Imitation is perhaps the sincerest form of flattery, but it can also be a high-spirited stampede.
Ariel Adkins creates clothing inspired by instantly recognizable works of art, whether it’s Yayoi Kusama’s giant yellow pumpkin, Claude Monet’s water lilies or Donald Sultan’s black poppies.
Adkins, who also works on Twitter, meticulously hand-paints the dresses, skirts and jumpsuits in her Brooklyn apartment.
“I’ve always loved clothes and I’ve always spent a lot of time putting my outfits together, so it was only natural to say, ‘Well, I love art and I love clothes, so why not combine the two? “said the 36-year-old, graduate of William & Mary with a BFA in art history and art.
She combined her two loves starting with an old white dress and an image from one of Jackson Pollock’s large-scale paintings.
“He put a canvas on the floor and splashed paint on it. I thought it was something I could do, so I gave it a try,” Adkins said. “The dress turned out great! After that the floodgates opened and I couldn’t stop.
It was in 2010, when she launched Artfully Awear, a line of sustainable clothing that offers unique pieces inspired by art. Since then, she has hand painted hundreds of garments, mostly for herself and her friends, and sometimes in collaboration with artists.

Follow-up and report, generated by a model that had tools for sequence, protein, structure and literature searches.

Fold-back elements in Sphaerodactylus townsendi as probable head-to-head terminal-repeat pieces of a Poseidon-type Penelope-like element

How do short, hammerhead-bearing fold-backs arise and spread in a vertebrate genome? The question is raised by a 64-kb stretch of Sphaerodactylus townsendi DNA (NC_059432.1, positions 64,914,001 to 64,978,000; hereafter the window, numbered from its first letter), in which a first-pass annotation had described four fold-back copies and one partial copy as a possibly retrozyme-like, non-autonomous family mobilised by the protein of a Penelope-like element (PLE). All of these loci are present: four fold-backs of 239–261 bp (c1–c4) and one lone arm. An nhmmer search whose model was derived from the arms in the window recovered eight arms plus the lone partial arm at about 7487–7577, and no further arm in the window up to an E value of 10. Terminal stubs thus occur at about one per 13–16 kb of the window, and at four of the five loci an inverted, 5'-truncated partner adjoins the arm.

“I also do errands,” she says. “Usually the client chooses a work of art that is meaningful to them. Sometimes we talk about it together, about what would be inspiring for them, and sometimes they already have an idea of what they want.
Prices start at $500.
One of Adkins’ most beloved art-inspired creations is a skirt she created at the request of the Guggenheim Museum in 2019. The arts institution staged a museum-wide takeover with the works by Swedish artist Hilma af Klint, famous for her colorful abstract. paintings. Adkins spent weeks crafting the piece, an orange number with Klint-esque shapes, and paired it with a white turtleneck and boots for a photo shoot at the museum before the exhibit opened to the public.
“Hilma af Klint was linked to spirituality. I did a lot of research and found a skirt that she probably would have worn in her lifetime, and painted it based on one of her pieces that hung in the exhibit. Adkins said, “It was surreal to be surrounded by your art when no one else was around.”
She and the Guggenheim posted the photos from the shoot on their respective social media. He introduced many art enthusiasts to the work of Adkins, who now has over 26,000 followers on Instagram.
“I don’t know what my job would be like without social media. My online community is such a big part of what I do,” Adkins said. “It’s not just about posting a photo to get a lot of likes. It’s about sharing inspiration and hopefully inspiring others.